Detailing a car is quite a bit more extensive than just washing your car. Washing you car could be as simple as soap and water and a vacuum. However, if you’re looking to really deep clean your car for either a sale or an event, follow this guide to learn how to detail a car.
Let’s Start with the Interior
1. Carpets and Fabrics.
Remove floor mats so you can thoroughly inspect all of the surfaces. Vacuum all the surfaces including around and under the seats. Assess the damage: a simple carpet cleaner and a scrub brush may be all you need. If a more aggressive approach is needed, steam vacuum the carpeting, be sure to remove excess water and moisture and allow to properly air dry. The same steps can be made for your carpet floor mats.
In the case of minor staining, saturate the surface with a foaming spot cleaner and use a horse hair scrubbing brush to properly agitate the fibers in opposing directions. Repeat as necessary and allow to fully dry.
2. Interior Surfaces
Use a microfiber applicator and an interior cleanser on hard surfaces. Be meticulous! For hard-to-get-to buttons, crevices, vents, and decorative bezels on the dash, use a brush to properly cover all areas.
It’s important to condition your interior surfaces to prevent fading, drying, or cracking. A plastic conditioner for UV affected areas like the dash keep them looking new. Dress your leather with leather conditioner on a regular basis, especially the driver’s seat which is used the most.
Properly clean the surface with a dedicated window cleaner and glass cloth. Finish off any detail with a glass sealant to bead away rain while driving to improve visibility.
Move to Exterior Detailing
Here are 6 Basic Steps to Washing a Vehicle Properly:
1. Wash your vehicle in a shady area so the car’s surface is cool.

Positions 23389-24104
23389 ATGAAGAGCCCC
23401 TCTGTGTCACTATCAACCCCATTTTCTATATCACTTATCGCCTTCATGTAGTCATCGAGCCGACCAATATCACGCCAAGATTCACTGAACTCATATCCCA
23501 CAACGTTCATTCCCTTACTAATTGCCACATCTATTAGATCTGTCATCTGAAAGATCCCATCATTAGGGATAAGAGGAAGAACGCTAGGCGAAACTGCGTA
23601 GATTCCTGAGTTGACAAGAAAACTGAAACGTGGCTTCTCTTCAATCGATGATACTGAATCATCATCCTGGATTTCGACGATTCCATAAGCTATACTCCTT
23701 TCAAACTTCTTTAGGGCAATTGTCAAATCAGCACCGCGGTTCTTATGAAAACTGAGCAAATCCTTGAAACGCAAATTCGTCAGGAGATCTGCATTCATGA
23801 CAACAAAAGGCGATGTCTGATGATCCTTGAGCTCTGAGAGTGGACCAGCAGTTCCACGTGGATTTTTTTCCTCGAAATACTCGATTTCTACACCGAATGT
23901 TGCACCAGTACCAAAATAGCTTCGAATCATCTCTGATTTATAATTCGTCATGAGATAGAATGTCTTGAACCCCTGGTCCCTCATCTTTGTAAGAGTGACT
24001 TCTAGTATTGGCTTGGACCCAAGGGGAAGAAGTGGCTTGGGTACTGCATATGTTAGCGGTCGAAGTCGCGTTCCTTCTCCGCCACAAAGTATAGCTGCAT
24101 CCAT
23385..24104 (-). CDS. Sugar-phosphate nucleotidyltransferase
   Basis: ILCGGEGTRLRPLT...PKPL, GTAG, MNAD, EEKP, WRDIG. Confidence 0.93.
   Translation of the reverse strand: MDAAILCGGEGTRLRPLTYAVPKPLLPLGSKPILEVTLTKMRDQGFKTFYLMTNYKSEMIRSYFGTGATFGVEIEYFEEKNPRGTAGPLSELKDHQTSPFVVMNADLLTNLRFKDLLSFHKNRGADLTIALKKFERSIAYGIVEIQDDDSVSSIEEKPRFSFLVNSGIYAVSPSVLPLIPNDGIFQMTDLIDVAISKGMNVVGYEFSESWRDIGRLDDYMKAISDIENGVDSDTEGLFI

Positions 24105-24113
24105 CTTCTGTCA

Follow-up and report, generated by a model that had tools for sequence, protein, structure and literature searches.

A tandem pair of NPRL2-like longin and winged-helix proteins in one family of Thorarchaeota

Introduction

2. Use carwash soap, not household detergent and the Two Bucket Wash Method.
3. Work in sections, top down.
4. Give special attention to the lower panels since they traditionally accumulate more dirt.
5. Dry the surface with a good-quality microfiber waffle-weave towel.
Paint Correction. Nearly all automobile finishes consist of a 2 stage paint finish: 1 layer of paint, 1 layer of clear coat for protection. Scratches, abrasions, and even the finest micro-scratches on the clear coat, prevent the color coat from shining through as deeply and richly as you would want. The result is foggy, cloudy paint.
Paint correction is the action of removing blemishes from the finish, usually in terms of the micro-scratches. Polishing the surface is cutting into that clear coat to remove the scratches and leave a flat surface again. I wouldn’t recommend polishing more than once a year.
The paint needs to be prepped before polishing, so claying the car with a medium or fine grade clay will rid the surface of any embedded contaminants left after washing the car. Begin polishing with a light abrasive chemical and work your way up to more aggressive chemicals to remove as much of the scratches and as little of the clear coat as possible.
Sealant and Waxes. Once you’ve finished polishing the vehicle, wash (or rinse) the car again. At this time you can apply your sealant of choice for a long lasting, durable protective layer. The sealant should last a minimum six months and protect from staining, etching, UV rays, and more.
The wax is the final layer to really bring out the color of the paint with a deep rich shine. You’ll want to look for a white carnauba wax as it tends to be the highest quality.
Don’t forget the Wheels! They should be cool to the touch when you clean them with a dedicated wheel cleaner and wheel brush made for this purpose. Give it a sound high-pressure dousing and apply a wheel sealant to protect the wheels from break dust build up.
7. Under the Hood
By mindful of the electronic components, but feel free to hose down the engine bay. At this point, use rags you’re willing to throw away and wipe down the surface and rid it of grease. Then use a metal polish and plastic sealant to fix-up any metal and plastic coverings.
The gloss level of your tires is up for personal preference. However, every tire needs to be conditioned inside and out. That means that your tire conditioner needs to be able to penetrate the rubber to moisturize the rubber to keep it from cracking and drying out.
Cautionary Tales in Detailing
DO NOT drive off before your tire dressing dries. It will sling and spatters, and gets kicked up onto the paint! You can limit that a little by taking a rag and wiping down the tire to remove excess tire dressings. This will also affect the gloss level for those who prefer a more matte finish.
DO NOT remove too much clear coat when buffing or correcting. If you cut too deep or buff too often, you’ll need to repaint the car.
DO NOT attempt to repair scratches that cut through the clear coat and into the pigment. You’ll want to use touch-up paint to keep the exposed metal from rusting. If you don’t have touch-up paint, use a sharpie to help hide the scratches or chips.